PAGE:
Choosing A Chicken Coop
Raising chickens is a fantastic thing to do, with some excellent benefits, beyond a steady supply of fresh eggs, but there is more to it than just putting a few chickens in your backyard and feeding them kitchen scraps.
Chickens are pretty low maintenance, but they are still living creatures that need food, water and shelter. Unfortunately, chickens, and their eggs, are often prime targets for a range of predators from weasels and foxes through to badgers and stoats.
How Do You Protect Chickens From Predators?
This is where the type of chicken coop you have becomes incredibly important, and you may need a different variety depending on what predators are most common in your particular area.
A good chicken coop will be solid enough to keep out predators but allow the chickens plenty of room to scratch and move around freely, like the options available on thatchickencoop.com. If you are in an area where daytime predators aren’t really a major concern you may even look at free ranging your chickens during the day and simply moving them into a secure coop as the sun comes down.
However, you need to ensure that you do let them out each morning and remember put them in again each evening, so this idea may or may not work for you depending on what your lifestyle is like.Your main point of protection will be the actual chicken house where your chickens will nest and roost, this needs to be solid enough to not allow rodents through gaps in the floor or walls. You should also look to ensure that there is a way to seal the chicken house completely at night so that your chooks are secure and safe.
Many coops will also have an attached run. Generally, these will be large empty spaces that are framed with chicken wire mesh around the sides and the top. Occasionally you will find these with a floor of some time, but often it is preferable to have the floor just left so that your chooks are free to scratch in the dirt and dig up worms. You will want to make sure that the sides seal well against the ground and don’t allow access points for rats or weasels.
Are Raised Coops A Good Idea?
Absolutely! Generally your chook house is made of wood, so having it raised of the ground helps prevent the wood from rotting, but more than that it also helps keep your chook hut free from rodents and helps air circulated, which is a very important aspect of housing chickens. https://articles.extension.org/pages/71204/predator-management-for-small-and-backyard-poultry-flocks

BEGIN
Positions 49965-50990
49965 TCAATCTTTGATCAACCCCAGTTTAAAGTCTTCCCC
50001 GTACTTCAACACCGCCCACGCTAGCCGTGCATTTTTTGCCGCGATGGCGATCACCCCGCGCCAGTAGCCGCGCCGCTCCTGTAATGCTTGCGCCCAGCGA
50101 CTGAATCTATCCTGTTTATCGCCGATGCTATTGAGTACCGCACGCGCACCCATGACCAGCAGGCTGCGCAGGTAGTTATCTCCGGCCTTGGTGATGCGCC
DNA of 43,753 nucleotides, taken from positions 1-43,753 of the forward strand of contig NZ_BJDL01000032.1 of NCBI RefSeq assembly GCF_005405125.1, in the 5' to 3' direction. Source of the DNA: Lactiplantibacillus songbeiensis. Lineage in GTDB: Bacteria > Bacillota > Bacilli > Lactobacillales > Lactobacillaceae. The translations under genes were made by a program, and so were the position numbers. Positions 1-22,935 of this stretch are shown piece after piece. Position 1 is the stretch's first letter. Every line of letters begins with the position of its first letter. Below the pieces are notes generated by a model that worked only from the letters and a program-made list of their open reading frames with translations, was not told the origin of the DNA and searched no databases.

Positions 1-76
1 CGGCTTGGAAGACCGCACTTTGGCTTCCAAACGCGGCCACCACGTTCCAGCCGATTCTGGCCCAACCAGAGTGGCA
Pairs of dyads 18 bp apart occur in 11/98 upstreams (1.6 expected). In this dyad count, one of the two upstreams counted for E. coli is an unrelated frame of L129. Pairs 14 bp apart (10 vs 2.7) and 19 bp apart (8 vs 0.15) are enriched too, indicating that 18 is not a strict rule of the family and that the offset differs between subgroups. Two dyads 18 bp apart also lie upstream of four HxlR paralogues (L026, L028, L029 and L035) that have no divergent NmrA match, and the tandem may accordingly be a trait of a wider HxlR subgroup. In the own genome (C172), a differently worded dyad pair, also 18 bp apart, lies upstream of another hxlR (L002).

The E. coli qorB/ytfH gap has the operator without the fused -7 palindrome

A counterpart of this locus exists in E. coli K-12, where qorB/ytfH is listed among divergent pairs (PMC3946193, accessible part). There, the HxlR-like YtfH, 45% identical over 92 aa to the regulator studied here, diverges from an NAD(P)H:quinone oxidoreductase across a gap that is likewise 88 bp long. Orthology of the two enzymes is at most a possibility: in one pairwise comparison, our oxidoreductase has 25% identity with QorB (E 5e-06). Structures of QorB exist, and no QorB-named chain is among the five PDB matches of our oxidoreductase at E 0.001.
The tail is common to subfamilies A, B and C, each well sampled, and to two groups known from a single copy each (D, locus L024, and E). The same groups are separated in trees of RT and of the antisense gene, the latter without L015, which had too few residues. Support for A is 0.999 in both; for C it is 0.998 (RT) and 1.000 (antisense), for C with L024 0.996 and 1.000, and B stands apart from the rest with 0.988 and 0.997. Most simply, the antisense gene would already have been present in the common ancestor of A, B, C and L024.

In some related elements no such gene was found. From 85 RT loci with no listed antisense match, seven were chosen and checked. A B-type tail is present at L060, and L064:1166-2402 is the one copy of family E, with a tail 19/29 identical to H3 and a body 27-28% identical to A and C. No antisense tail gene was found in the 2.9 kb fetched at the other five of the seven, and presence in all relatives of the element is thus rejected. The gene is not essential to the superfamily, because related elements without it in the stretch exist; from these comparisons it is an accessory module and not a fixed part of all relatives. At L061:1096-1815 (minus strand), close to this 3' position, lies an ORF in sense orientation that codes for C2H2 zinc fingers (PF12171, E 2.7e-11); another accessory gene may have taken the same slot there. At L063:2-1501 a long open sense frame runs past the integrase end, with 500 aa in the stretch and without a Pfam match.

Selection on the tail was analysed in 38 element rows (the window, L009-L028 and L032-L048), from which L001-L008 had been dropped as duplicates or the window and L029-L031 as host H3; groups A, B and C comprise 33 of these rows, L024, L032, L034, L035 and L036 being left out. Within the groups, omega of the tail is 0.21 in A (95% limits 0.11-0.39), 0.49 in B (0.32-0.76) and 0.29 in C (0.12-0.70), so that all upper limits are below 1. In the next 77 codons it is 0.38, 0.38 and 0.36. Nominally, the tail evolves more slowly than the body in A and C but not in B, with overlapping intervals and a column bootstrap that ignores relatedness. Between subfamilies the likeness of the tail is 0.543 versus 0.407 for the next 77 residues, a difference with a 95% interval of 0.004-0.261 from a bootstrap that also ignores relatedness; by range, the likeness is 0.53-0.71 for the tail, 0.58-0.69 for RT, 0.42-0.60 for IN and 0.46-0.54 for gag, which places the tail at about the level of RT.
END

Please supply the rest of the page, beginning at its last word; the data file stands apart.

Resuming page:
If your hut is going to be portable, you may find that simply having large wheels provide enough elevation, or you could just settle the structure on breeze blocks or sturdy wooden panels.
A professionally manufactured coop should have adequate ventilation, but not be drafty, however you should check on the quality of the wood used. Something that has been aged well will not tend to swell in winter or crack in the summer heat.
Benefits Of Portable Coops
If you have a medium to large sized section, being able to move your chicken coop and run around your garden means that you are getting the benefit of having your chooks turn over and fertilize your garden – chook poo is fantastic to help your veggies grow!
By moving your coop, you will also be able to ensure that your chooks are always in prime position. So, in summer you can have them in spots that are out of the intense heat, whereas in winter you can make sure that they are kept out of damp spots or areas that are prone to flood.
As mentioned, having good ventilation is essential. Not only to keep the ammonia levels down, but good airflow helps to keep the temperature regulated and minimize condensation or mildew.
You will often see recommendations for ensuring that your coop is insulated, however this will depend largely on your location. In temperate climates this isn’t such a concern, however if you live in an area which suffers from extreme weather you might like to look for coops that are already insulated or that will be able to have insulation added aftermarket.
Most people put straw or sawdust on the floor of their chook house, not only to make it easier to keep the floor clean (just sweep out and replace with new), but also because it adds an extra layer of insulation to the floor. In many cases this will be all you need to keep your chooks comfortable all year round.
You shouldn’t need to crawl through chook poo to get to the eggs. Most well designed coops will have exterior access to the nesting boxes, allowing you to reach in and gather any eggs without disturbing the chickens.
It also shouldn’t be a difficult task to ensure that the chickens always have fresh water and plenty of food available. Sometimes water will come from a drip bottle that is attached to the side of the chook building, which does make fresh water easy to provide, but you will still need to top it up.
Having a run and coop that is large enough for you to stand up in while you clean out is wonderful, however it is not always practical to have a structure of this size on your property – particularly if you have a small section. Instead, look for commercial coops that have roofs you can lift off or sides that can be easily detached in order to gain access during a spring clean.
Chickens are social creatures, which you will soon discover, which means that you shouldn’t have just one chicken as the poor thing will get lonely and bored. However, when you have two or more you need to make sure that you have enough space to house them all comfortably.
The general rule of thumb is to have a coop that allows for around 3ft² per chook. Your outside space or run should allow around 10ft² per chook. If you have too many chickens in the space, you will get stressed chickens which can cause a range of issues.